2. She said she tried to communicate with Dr. Schultz and my nurse, and they never returned her call. Problem: That was a lie. Both witnesses told me they never heard from my lawyer. Since that was after the trial, I believe them, especially my nurse, who was on my side. By not talking with these important witnesses, my lawyer had nothing to ask them on cross. If we had talked to Kathy, for example, we would have uncovered the perjury before the trial. I believe that was on purpose. I believe that defense attorneys get a piece of the pie of a conviction. So if they are paid more for a conviction, why should they work for their client? I know mine didn’t.
3. I informed her of the actual law-breaking of the US Attorney’s office. They called in a script in my name for a CS (confidential source) that I did not accept as a patient. The government sent in 6 fake patients trying to get controlled substances. I didn’t know they were wired, but do to my ability to screen patients, I knew they were drug-seeking and I didn’t accept them as patients. The government, I guess, got tired of doing that, so they just took it upon themselves to call in a script in my name. When I told my defense attorney about it, she shrugged her shoulders and said “What do you expect?” Well, what I expect, and I hope the rest of the country, is that our government justice upholders are law-abiding. The fact that they aren’t, and everyone else in the system knows it, accepts it as “normal”, and does nothing is alarming. What is our country coming to?
I was looking at a possible life sentence for the 172 charges I was found guilty on—5 years per charge =860 years. I was luckier than some doctors, but still not lucky enough. I was sentenced to 33 months. Any time away from my handicapped husband was going to be torture for him. I just couldn’t see how the judge could do that. He had other options—home confinement, probation, etc. But he said he wanted to “send a message to the doctors”. There was one problem with that.
Doctors don’t know the Controlled Substance Act—why it was formed and what it says. The only wordage they can use with these attacks on doctors is “distribution of oxycodone”. So when a doctor reads in the newspaper (or anyone else for that matter), “Doctor Convicted for Distribution of Oxycodone”, they automatically think that the doctor passed out pills illegally to someone on the street. That’s because that is the intent of the CSA. Doctors are supposed to be exempt from prosecution for treating patients in their office and only be prosecuted if they take the drugs out of the office and start “distributing” them like a street pusher. That’s why, when the prosecutors say something to the media about a doctor they are persecuting, they always use those words, that the doctor is “acting like a street pusher” The only problem is, they aren’t. They are in the office evaluating and treating a patient as they are supposed to do in their job, and they should be exempt from criminal charges. Sending me to prison was not going to get any message out to doctors that they better not prescribe opiates. Of course now, as more innocent physicians are going to prison all over the country, doctors are scared and many won’t write for controlled drugs. But it is not because they understand the reason—they’re just scared.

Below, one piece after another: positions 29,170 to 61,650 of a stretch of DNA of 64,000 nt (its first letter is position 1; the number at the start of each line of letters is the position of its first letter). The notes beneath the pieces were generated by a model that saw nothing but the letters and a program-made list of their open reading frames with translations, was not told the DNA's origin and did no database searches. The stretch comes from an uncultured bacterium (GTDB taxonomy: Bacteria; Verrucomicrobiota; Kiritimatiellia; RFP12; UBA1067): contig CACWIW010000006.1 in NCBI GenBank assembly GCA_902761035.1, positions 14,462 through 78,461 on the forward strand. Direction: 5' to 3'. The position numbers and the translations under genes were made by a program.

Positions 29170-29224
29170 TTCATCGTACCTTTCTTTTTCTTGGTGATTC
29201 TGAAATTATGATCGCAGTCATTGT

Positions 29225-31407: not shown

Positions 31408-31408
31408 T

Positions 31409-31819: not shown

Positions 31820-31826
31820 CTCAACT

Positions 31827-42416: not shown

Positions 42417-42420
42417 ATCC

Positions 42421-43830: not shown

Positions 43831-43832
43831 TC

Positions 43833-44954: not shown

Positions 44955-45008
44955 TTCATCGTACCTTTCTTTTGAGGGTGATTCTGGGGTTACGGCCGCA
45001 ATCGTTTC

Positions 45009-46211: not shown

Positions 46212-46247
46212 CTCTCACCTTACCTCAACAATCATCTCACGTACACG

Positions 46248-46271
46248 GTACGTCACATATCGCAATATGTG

Then the judge did something I wasn’t prepared for at all. He had me taken into custody right there. Since I didn’t even think God would allow me to be taken away from my husband at all, I was in shock. I hadn’t done anything with my house or my belongings in my medical office. Bill was handicapped, so he couldn’t do anything either. My lawyer had told me that repossession of my home by the bank could take years, so I just hoped it could wait. Bill wasn’t able to do anything to get it ready for sale either.
I was given a minute to give my husband a kiss. I looked back at Dr. Schultz. She had come to the sentencing, obviously out of guilt. I glared at her. She had the “deer in the headlights” look. She knew she had committed perjury to save herself, and had been lied to by the prosecution. You see, when I spoke with her after the trial, this was our conversation:
“Kathy, why did you lie on the witness stand? That is going to send me to prison.”
“You won’t go to prison. They will just slap your hand and you will be able to go on. They don’t send doctors to prison.”
“Why did you say what you did when it wasn’t the truth?”
“I wasn’t sure what the truth was anymore. They came to talk to me so many times, I just didn’t know.”
It was at that point that I knew they had banked on her dementia. She was 75 years old, and mentally stressed, so they used some form of mental waterboarding to strip her of her memory and plant in her fake testimony. That was why she was so faltering on the witness stand. And they had lied to her, saying I wouldn’t be going to prison. So she felt safe giving the testimony they told her to give. Now, with me going to prison, she realized what she had done. I haven’t seen or spoken with her since. But she will be spending eternity in hell. False testimony is an unforgivable sin. I’m sorry about that, but it was her choice.
The US Marshals walked me out the door to the elevator to take me down to the basement where I had my mug shot picture taken and was fingerprinted. I was in a daze. They then handcuffed and shackled my feet. That hurt because I had stockings on, and the iron really banged on my ankles when I walked. They don’t give you enough room to do more than a shuffle when you walk. That is really humiliating. A few minutes ride in the back of a van, and I was taken into the city jail.